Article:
ToyLikeMe celebrates win for inclusivity as Mattel introduces prosthetic limb Barbie

In making the introduction, Mattel has become the latest brand to answer the campaign call of journalist Rebecca Atkinson and play consultant Karen Newell who together established the ToyLikeMe campaign in 2015.
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The team behind the international ToyLikeMe movement to bring inclusivity into kids’ toy boxes is celebrating major win following Mattel’s introduction of a wheelchair using doll and prosthetic limb Barbie.

In making the introduction, Mattel has become the latest brand to answer the campaign call of journalist Rebecca Atkinson and play consultant Karen Newell who together established the ToyLikeMe campaign in 2015.

The campaign emerged when Atkinson began making over mainstream toys to give them disabilities and posting images online. These images quickly went viral. The ToyLikeMe campaign went on to call for toy box representation for 150 million disabled children worldwide after the pair noticed the lack of representation of disability in toys.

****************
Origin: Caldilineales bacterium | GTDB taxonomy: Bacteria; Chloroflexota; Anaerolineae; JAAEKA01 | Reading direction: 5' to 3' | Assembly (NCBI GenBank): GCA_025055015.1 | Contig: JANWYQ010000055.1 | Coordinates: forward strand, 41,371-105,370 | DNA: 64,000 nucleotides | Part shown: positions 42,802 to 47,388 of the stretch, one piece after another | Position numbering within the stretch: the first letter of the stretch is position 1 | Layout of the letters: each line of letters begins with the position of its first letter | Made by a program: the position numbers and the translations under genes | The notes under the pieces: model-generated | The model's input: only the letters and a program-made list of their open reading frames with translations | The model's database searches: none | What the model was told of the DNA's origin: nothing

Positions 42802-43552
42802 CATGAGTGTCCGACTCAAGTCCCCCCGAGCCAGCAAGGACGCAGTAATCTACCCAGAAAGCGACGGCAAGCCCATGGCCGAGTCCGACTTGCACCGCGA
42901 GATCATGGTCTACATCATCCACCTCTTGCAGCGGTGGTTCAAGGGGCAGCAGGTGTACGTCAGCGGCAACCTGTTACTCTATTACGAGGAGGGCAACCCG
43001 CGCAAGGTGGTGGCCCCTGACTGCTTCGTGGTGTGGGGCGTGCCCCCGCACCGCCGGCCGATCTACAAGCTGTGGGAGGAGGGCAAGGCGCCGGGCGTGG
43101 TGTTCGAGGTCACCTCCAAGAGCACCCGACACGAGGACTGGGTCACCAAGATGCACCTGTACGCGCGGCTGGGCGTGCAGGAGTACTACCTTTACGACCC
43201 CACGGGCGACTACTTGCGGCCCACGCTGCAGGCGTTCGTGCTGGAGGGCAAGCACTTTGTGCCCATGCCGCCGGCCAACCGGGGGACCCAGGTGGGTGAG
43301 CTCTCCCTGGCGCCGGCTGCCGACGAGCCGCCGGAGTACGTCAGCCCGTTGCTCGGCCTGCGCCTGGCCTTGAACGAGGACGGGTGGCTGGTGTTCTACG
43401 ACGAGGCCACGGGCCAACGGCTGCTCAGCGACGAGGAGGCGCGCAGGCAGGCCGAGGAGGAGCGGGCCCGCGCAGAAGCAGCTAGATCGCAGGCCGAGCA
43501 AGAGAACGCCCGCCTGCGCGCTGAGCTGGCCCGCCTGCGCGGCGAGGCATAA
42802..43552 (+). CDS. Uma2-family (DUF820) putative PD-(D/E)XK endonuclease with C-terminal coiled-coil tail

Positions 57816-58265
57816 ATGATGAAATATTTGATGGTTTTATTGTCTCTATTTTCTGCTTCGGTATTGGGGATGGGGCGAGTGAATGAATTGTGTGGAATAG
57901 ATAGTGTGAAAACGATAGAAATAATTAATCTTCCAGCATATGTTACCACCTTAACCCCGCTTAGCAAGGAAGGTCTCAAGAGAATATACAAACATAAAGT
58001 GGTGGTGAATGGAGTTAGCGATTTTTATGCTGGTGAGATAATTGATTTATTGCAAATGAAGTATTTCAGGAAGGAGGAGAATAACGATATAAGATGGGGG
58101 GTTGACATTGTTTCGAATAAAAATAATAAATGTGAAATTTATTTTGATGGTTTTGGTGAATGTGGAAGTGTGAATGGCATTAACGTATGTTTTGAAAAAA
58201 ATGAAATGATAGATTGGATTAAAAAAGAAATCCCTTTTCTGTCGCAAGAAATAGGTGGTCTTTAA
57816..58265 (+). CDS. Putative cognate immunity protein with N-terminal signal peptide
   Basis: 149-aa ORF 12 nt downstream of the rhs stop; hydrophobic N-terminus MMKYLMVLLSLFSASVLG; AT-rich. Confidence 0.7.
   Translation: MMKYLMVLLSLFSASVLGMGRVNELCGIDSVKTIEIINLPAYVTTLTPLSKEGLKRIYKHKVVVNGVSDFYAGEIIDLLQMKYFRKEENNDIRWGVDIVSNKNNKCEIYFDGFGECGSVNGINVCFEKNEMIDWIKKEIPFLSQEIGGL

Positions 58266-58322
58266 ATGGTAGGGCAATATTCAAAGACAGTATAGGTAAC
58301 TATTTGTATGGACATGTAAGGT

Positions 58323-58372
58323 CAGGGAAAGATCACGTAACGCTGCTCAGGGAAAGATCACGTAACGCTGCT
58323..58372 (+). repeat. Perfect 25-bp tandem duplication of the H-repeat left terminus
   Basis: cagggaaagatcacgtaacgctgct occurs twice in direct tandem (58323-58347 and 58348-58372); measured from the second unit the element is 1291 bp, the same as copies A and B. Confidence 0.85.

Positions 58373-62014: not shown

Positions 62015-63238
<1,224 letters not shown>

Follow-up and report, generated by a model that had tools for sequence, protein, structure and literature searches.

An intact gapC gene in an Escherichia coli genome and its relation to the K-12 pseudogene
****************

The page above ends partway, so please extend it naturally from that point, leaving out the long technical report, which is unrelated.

Today there are 770,000 children with what the pair have termed diff:abilities here in the UK. Through their efforts, the ToyLikeMe campaign has influenced change among brands including Lottie Dolls, Playmobil and Hot Wheelz.

A change.org petition calling on LEGO to include disabled minifigures received of 20,000 signatures. A similar petition levelled at Playmobil received over 50,000.

Mattel’s Barbie has become the latest in a line of iconic toy brands to listen to the call for inclusivity.

“We are turning triple dipple somersaulty backflips of happiness to see these products from a huge brand like Barbie,” said Atkinson.

“This is huge news for 150 million disabled children worldwide who need positive toy box representation. But it should also be noted that toys like these have the power to grow open minds in non-disabled children, too.”

ToyLikeMe works closely with Dr Sian Jones from the University of Edinburgh, who has found that playing with disabled toys affect the friendship intentions of non-disabled children.

After playing with a wheelchair using doll for just three minutes, non-disabled children are more likely to make friends with a disabled child when they meet one in real life, according to the research.

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